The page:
Society’s notion on beauty is a complicated one. And as I attempt to live a life of integrity and authenticity within my roles as amother and an egalitarian, I find it too easy to be hypocritical about this issue of beauty. Since SO much of a woman’s importance is placed on how she presents herself, it’s a tricky balance to model a healthy antithesis to society’s encouragement of narcissism and ostentation.
I have had the fortune of being privy to many beauty-related conversations girlfriends of mine have had with their daughters, most of whom are under the age of 7. Usually the conversation is in the context of the mom encouraging her daughter, emphasizing that her daughter is beautiful (inside and out), and that she doesn’t need to change herself. She’s been created perfect just the way she is. Inevitably, the conversation turns when the daughter inquires about why her mom changes her appearance.
Why do you wear make-up?
Why do you dye your hair?
Needless to say, this is the junction where modelling the healthy antithesis to vanity and narcissism would come in handy. (Thankfully my daughter isn’t of age to ask me that today; otherwise, I would have to concede that I am a hypocrite and that I buy into – figuratively and literally – a billion dollar industry that tells me I’m not okay…). I’ve heard many women chime in about what they would say if their child asked, and typically, the response is something like this.
It’s fun, and I like to play with colours [of eye shadow and lipstick].
Really, ladies? Really!? The MAIN reason you wear make-up and colour your greying roots is because it’s fun? I beg to differ. My suspicion is that the MAIN reason you wear make-up or colour your hair is because you feel self-conscious. After all, we’ve been bread to feel self-conscious and uncomfortable in our own skin UNLESS we do something to ‘fix’ it.
Don’t we do a disservice to our daughters (and sons) when we’re not honest about this? Don’t we do a disservice to ourselves? Our children are already being sold images and ideas about the expectations of genders, and for women, one of these expectations is to appear polished, presenting the ‘best’ physical version of yourself. Why can’t we tell them that? Why are we hesitant to be transparent with them about this reality? Perhaps if we talk openly about this, engaging in some hard conversations, (not to mention attempt to model what it’s like to truly be comfortable in our own skins), our daughters and sons will grow up with the ability to critically think about the images and ideas they’re being sold.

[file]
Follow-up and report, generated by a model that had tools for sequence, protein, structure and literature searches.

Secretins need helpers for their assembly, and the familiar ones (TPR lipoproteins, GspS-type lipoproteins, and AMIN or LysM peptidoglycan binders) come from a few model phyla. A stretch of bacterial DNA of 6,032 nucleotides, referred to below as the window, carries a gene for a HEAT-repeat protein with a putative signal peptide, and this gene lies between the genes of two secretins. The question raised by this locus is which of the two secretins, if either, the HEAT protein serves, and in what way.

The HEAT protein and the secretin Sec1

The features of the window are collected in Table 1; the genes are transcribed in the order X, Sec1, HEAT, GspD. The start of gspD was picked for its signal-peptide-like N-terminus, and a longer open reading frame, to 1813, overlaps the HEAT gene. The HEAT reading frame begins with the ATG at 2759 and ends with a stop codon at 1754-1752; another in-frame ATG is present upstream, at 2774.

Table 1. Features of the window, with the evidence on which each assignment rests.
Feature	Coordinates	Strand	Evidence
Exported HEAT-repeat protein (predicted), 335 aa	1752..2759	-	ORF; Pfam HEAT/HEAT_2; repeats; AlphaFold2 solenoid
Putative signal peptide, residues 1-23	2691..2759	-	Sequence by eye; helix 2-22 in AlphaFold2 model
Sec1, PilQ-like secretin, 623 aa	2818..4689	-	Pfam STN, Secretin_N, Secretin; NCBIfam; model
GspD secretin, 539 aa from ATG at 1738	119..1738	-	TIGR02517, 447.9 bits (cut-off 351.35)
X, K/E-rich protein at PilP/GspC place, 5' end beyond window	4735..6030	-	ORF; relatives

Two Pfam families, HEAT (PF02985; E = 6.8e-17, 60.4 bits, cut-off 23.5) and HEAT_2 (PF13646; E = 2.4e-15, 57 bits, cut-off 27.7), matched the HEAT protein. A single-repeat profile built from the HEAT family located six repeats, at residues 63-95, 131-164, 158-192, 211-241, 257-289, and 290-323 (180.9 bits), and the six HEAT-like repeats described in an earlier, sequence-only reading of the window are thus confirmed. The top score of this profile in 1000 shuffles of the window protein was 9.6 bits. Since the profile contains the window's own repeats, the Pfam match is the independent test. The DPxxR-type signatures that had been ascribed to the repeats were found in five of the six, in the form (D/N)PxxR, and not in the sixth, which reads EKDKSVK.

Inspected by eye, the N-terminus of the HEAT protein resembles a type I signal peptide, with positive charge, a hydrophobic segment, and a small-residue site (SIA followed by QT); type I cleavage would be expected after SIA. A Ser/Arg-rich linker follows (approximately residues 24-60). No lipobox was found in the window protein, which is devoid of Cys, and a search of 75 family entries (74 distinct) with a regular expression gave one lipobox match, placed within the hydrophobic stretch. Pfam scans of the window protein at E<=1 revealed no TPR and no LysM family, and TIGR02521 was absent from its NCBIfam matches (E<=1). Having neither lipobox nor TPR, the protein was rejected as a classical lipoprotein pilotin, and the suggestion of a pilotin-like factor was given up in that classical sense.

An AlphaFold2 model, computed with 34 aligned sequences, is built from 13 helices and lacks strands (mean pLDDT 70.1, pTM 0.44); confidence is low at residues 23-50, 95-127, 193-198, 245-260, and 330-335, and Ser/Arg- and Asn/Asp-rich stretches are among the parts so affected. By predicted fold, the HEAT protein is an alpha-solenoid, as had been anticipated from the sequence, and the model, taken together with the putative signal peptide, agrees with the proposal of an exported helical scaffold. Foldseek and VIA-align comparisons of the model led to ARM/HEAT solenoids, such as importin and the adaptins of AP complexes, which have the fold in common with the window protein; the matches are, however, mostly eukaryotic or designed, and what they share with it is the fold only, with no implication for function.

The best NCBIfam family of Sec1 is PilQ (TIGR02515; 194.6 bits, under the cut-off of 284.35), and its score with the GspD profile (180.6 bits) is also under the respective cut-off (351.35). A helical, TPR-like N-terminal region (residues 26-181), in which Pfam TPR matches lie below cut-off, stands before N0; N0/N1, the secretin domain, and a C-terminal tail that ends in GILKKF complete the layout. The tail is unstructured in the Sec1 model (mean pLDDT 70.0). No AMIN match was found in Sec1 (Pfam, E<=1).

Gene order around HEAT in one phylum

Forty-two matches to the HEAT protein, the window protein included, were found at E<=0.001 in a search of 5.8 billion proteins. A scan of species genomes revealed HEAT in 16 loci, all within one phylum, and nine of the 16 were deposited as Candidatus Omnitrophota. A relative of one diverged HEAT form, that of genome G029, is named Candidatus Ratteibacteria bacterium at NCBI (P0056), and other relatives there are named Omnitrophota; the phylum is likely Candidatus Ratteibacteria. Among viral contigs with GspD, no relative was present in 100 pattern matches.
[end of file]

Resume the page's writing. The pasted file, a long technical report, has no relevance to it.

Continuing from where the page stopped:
And in the midst of those conversations, maybe we can move beyond the media’s depiction of beauty to talking about what it means to be whole and beautiful, not simply a shell and beautiful. We can talk about the beauty in:
- Wisdom, sharing stories about our grandmothers.
- A great sense of humour, and how laughter can brighten the darkest situations.
- A genuine smile. One that reflects contentment and shines through your eyes, not simply your teeth.
- A heart that is kind, choosing to see the best in people, even when they are at their worst.
- Empathy and compassion, emphasizing that the world needs more examples of this.
- The life Christ lived. Whether you believe in Jesus or not, observing His example and how he treated people encompasses all of the above points…
And maybe, just maybe, as we start having these conversations with our daughters and sons, we will think more critically too. We will remember that wisdom, humour, authenticity, kindness, empathy, compassion… are all more important than our shell. So while we still may choose to wear make-up or colour our hair, our value won’t be found in and through that.
Our antithesis will be the whole version of beautiful and how to share that with others.